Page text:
Tuesday, 4 November 2014
Spoonie Writer: Worrying About The Future And Your Writing
Spoonie Writer: Worrying About The Future And Your Writing
As long as I've been a writer, I've been sick. Even before I was medically retired and writing became my job, even when I was writing as a teenager in school, I was still chronically ill. I hadn't embraced it the way I do now because this was before the wonders of the online chronic illness community. I have a lot of respect for my fellow spoonies and the ways in which they have helped me. However, as I was saying, I've always been sick as a writer. I have never known any other way to be a writer, I've always needed to move my schedule around and fit writing stuff inbetween the hospital stays, the stuck in bed days and the days when I just can't. I'm not saying that because I want you to look at me and say "Oh wow, she never got to live a different life", or to throw myself a pity party and be all "woe is me. I've always been sick". I'm telling you because my writing journey has been affected by the fact that I have, for as long as I can remember, been chronically ill.
When I was still in school, before the Fibromyalgia and M.E were in my life, I wrote a lot. I wrote poems, I wrote short stories and I did all that because I had a passion for the written word. I loved choosing my pen, my ink and paper and letting all the scenes in my head out into the world. To me, a big part of writing was the act of picking up a pen and actually, y'know, writing! However, things changed after school and my diagnoses. I found that writing hurt. It wasn't the good hurt either, the one where you had written and written and your hand was cramping in protest. I mean, it started like that but eventually the sentences got shorter and the bulk of what I could handwrite was interjected with breaks every few minutes because the pain was *that* bad. I eventually had to accept that I would no longer be able to handwrite my stories because I thought a lot faster than I could ever write. It hadn't always been like that, but it was one of those things that I had to let go of.
I adapted and started to type, which is what a lot of writers - spoonie or otherwise - do. It's so much easier in the world of the internet and all this technology to write with a keyboard. Having been typing for as long as I could form words, I am lucky enough to be able to touch type with some speed. It was a change that a lot of people would look at and say, "your point?" My point is not that I had to make this big change; after all, everything that was handwritten would eventually get typed into my computer anyway. My point is this: when you're chronically ill, you adapt your life around your conditions because if you don't adapt, you have to stop doing things you love.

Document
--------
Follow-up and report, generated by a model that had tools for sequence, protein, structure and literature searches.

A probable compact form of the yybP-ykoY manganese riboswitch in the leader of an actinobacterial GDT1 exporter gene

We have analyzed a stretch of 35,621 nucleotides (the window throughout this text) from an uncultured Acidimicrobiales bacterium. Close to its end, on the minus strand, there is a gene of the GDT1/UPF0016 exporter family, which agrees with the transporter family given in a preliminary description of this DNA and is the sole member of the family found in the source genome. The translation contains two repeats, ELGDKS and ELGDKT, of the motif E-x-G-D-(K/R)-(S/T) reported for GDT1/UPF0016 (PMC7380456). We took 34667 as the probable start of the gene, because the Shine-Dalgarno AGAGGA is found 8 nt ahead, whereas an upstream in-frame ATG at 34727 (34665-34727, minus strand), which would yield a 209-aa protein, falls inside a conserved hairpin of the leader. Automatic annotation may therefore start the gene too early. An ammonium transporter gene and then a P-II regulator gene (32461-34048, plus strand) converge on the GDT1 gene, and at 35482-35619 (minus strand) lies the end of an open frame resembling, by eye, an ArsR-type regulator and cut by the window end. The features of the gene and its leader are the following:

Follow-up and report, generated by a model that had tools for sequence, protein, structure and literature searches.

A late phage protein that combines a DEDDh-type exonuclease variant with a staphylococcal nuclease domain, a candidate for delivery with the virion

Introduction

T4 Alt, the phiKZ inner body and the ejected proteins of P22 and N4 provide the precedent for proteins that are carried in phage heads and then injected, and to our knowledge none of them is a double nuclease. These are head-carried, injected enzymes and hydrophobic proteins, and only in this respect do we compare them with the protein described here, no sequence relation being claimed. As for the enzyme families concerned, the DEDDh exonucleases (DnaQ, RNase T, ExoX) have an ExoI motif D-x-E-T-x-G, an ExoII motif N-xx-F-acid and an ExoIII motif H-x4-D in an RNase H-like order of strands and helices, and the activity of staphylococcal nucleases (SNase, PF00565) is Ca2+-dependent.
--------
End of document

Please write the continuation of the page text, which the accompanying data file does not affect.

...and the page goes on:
About a year ago, I developed symptoms that were worrying to me, though not all that uncommon for people with my conditions. My legs would tingle and I'd be unable to bear weight on them. I was becoming more and more reliant on a wheelchair to get around. It was hard for me because I had always kept some level of mobility through my own terms, but now it was all different and I was reliant on being pushed, pushing myself, or using my electric wheelchair to get around. It wasn't how I wanted to be, but the fact that my conditions had gotten worse wasn't all that unexpected. I have been "lucky" in that for a couple of years prior to this new symptom, I had been having very few flares, relapses and new problems. It seemed that my conditions were just getting worse and once again, I adapted.
Which brings me to the point of this piece: I have started to show similar symptoms in my arms. The thought of losing the use of my arms and therefore my hands terrifies me because without the ability to type, I would become very silent. I use my keyboard to do so many things, writing, commenting, research and all of that. The only thing that I keep thinking is that I will find a way and adapt. I'll have to. That's just part of having a chronic illness and/or disability. You find a way to adapt. I know of some people that are bed bound, and they still are as active as they can be doing what they love. They have adapted because they *had* to. A friend of mine is bed bound and is still very active in writing. She has gotten the technology that will enable her to continue writing despite the fact that she doesn't always have use of her hands.
The joy of living in the age of technology means that even if we have to change how we get the words onto the paper, there are always ways of adapting your life so that you can continue to do the things you did before. The fact that things have worsened with my conditions doesn't mean that I have to give up what I love doing. There are voice recognition programs that will allow me to talk and the words will appear on the page. I've used them before and while they take some getting used to, they're not out of the realms of possibility. Just because I'm chronically ill, it doesn't mean that I'm any less able to do what I consider to be my career. I make the times when I'm well enough to work count, and the times when I'm not, I try not to beat myself up about it too much. After all, I didn't choose this for me, but I also can't change that it's happened. So, even though I'm able to type these words myself, it doesn't mean that I can't adapt and change the way I work in the future should the need arise. I can adapt, and so can you.
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You have such a wonderful attitude Joey. I so admire you. Your strength is encouraging. You have a gift (many, in fact) and I am so glad you have chosen to rise above all the adversity. That takes courage and fortitude, all of which you have. You make it seem so easy although I know it is not. You are a blessing! Much love! Keep on doing what you do so well.ReplyDelete